Listeners & Loggers


Apache Ant has two related features to allow the build process to be monitored: listeners and loggers.


A listener is alerted of the following events:

These are used internally for various recording and housekeeping operations, however new listeners may registered on the command line through the -listener argument.


Loggers extend the capabilities of listeners and add the following features:

Built-in Listeners/Loggers

Classname Description Type The logger used implicitly unless overridden with the -logger command-line switch. BuildLogger This logger omits output of empty target output. BuildLogger Extends DefaultLogger such that output is still generated the same, and when the build is finished an e-mail can be sent. BuildLogger Colorifies the build output. BuildLogger Passes events to Log4j for highly customizable logging. BuildListener Writes the build information to an XML file. BuildLogger Prints the time that a build finished BuildLogger Prints the project name every target BuildLogger Prints the project name for subprojects only, otherwise like NoBannerLogger Since Ant 1.8.1 BuildLogger The default logger, with start times, end times and durations added for each task and target. BuildLogger


Simply run Ant normally, or:

ant -logger


Removes output of empty target output.

ant -logger


The MailLogger captures all output logged through DefaultLogger (standard Ant output) and will send success and failure messages to unique e-mail lists, with control for turning off success or failure messages individually.

Properties controlling the operation of MailLogger:

Property Description Required
MailLogger.mailhost Mail server to use No, default "localhost"
MailLogger.port SMTP Port for the Mail server No, default "25"
MailLogger.user user name for SMTP auth Yes, if SMTP auth is required on your SMTP server
the email message will be then sent using Mime and requires JavaMail
MailLogger.password password for SMTP auth Yes, if SMTP auth is required on your SMTP server
the email message will be then sent using Mime and requires JavaMail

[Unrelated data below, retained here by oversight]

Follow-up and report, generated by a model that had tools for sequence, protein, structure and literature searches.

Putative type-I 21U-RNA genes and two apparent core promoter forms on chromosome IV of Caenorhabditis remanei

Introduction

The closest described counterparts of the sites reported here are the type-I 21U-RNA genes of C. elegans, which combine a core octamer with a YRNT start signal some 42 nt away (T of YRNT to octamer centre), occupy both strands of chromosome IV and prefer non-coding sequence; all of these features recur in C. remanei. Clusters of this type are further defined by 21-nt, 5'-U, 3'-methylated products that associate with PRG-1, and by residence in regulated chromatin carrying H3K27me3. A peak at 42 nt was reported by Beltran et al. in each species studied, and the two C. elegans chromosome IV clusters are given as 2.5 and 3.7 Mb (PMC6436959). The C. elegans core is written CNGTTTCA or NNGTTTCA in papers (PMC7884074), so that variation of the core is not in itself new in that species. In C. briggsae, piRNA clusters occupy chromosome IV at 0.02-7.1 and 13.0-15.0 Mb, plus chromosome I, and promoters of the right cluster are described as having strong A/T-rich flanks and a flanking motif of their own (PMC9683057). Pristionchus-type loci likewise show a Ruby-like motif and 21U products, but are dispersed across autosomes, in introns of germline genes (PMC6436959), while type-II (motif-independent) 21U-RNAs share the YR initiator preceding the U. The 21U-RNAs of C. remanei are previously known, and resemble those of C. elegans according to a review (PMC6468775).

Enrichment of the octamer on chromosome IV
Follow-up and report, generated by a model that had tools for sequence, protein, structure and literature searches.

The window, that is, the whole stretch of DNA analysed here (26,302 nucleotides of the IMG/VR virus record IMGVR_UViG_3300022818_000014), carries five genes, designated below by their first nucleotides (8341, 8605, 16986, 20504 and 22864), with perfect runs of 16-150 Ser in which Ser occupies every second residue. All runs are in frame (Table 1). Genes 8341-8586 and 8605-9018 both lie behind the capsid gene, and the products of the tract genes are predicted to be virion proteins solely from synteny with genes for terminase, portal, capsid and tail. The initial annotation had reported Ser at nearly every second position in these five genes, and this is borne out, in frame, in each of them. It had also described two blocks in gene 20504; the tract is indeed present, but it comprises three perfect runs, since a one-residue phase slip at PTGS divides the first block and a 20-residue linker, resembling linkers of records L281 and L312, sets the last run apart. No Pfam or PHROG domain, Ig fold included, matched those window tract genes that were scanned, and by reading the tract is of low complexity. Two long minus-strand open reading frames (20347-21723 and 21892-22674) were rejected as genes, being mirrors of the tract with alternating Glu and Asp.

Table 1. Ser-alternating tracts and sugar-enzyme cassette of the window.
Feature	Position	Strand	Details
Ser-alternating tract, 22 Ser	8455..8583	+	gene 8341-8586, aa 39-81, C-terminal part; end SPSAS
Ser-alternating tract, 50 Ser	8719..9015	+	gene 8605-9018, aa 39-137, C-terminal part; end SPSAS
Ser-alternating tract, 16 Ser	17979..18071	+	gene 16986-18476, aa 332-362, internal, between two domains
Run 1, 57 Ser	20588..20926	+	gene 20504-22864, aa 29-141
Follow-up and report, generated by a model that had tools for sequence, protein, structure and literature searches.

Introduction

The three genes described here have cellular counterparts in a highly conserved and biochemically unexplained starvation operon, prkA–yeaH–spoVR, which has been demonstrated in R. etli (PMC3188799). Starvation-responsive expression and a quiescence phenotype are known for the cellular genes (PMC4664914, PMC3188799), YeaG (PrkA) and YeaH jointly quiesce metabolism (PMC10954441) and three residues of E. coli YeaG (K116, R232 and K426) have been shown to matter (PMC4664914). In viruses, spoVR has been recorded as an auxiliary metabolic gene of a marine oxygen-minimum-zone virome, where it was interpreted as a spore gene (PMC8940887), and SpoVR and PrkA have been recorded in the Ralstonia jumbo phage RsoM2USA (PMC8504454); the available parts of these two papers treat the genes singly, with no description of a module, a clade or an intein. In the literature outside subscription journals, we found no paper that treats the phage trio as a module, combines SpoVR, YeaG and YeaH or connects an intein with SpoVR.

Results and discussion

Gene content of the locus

MailLogger.ssl on or true if ssl is needed
This feature requires JavaMail
MailLogger.from Mail "from" address Yes, if mail needs to be sent
MailLogger.replyto Mail "replyto" address(es), comma-separated No
MailLogger.failure.notify Send build failure e-mails? No, default "true"
MailLogger.success.notify Send build success e-mails? No, default "true" Address(es) to send failure messages to, comma-separated Yes, if failure mail is to be sent Address(es) to send success messages to, comma-separated Yes, if success mail is to be sent
MailLogger.failure.subject Subject of failed build No, default "Build Failure"
MailLogger.success.subject Subject of successful build No, default "Build Success"
MailLogger.failure.body Fixed body of the email for a failed build. Since Ant 1.8.0 No, default is to send the full log output.
MailLogger.success.body Fixed body of the email for a successful build. Since Ant 1.8.0 No, default is to send the full log output.
MailLogger.mimeType MIME-Type of the message. Since Ant 1.8.0 No, default is text/plain
MailLogger.charset Character set of the message. Since Ant 1.8.0 No
MailLogger.starttls.enable on or true if STARTTLS should be supported (requires JavaMail). Since Ant 1.8.0 No, default is false Filename of properties file that will override other values. No

ant -logger


The AnsiColorLogger adds color to the standard Ant output by prefixing and suffixing ANSI color code escape sequences to it. It is just an extension of DefaultLogger and hence provides all features that DefaultLogger does.

AnsiColorLogger differentiates the output by assigning different colors depending upon the type of the message.

If used with the -logfile option, the output file will contain all the necessary escape codes to display the text in colorized mode when displayed in the console using applications like cat, more, etc.

This is designed to work on terminals that support ANSI color codes. It works on XTerm, ETerm, Win9x Console (with ANSI.SYS loaded.), etc.

NOTE: It doesn't work on WinNT and successors, even when a COMMAND.COM console loaded with ANSI.SYS is used.

If the user wishes to override the default colors with custom ones, a file containing zero or more of the custom color key-value pairs must be created. The recognized keys and their default values are shown below:


Each key takes as value a color combination defined as Attribute;Foreground;Background. In the above example, background value has not been used.

This file must be specified as the value of a system variable named ant.logger.defaults and passed as an argument using the -D option to the java command that invokes the Ant application. An easy way to achieve this is to add -Dant.logger.defaults= /path/to/your/file to the ANT_OPTS environment variable. Ant's launching script recognizes this flag and will pass it to the java command appropriately.



Attribute is one of the following:
0 -> Reset All Attributes (return to normal mode)
1 -> Bright (Usually turns on BOLD)
2 -> Dim
3 -> Underline
5 -> link
7 -> Reverse
8 -> Hidden

Foreground is one of the following:
30 -> Black
31 -> Red
32 -> Green
33 -> Yellow
34 -> Blue
35 -> Magenta
36 -> Cyan
37 -> White

Background is one of the following:
40 -> Black
41 -> Red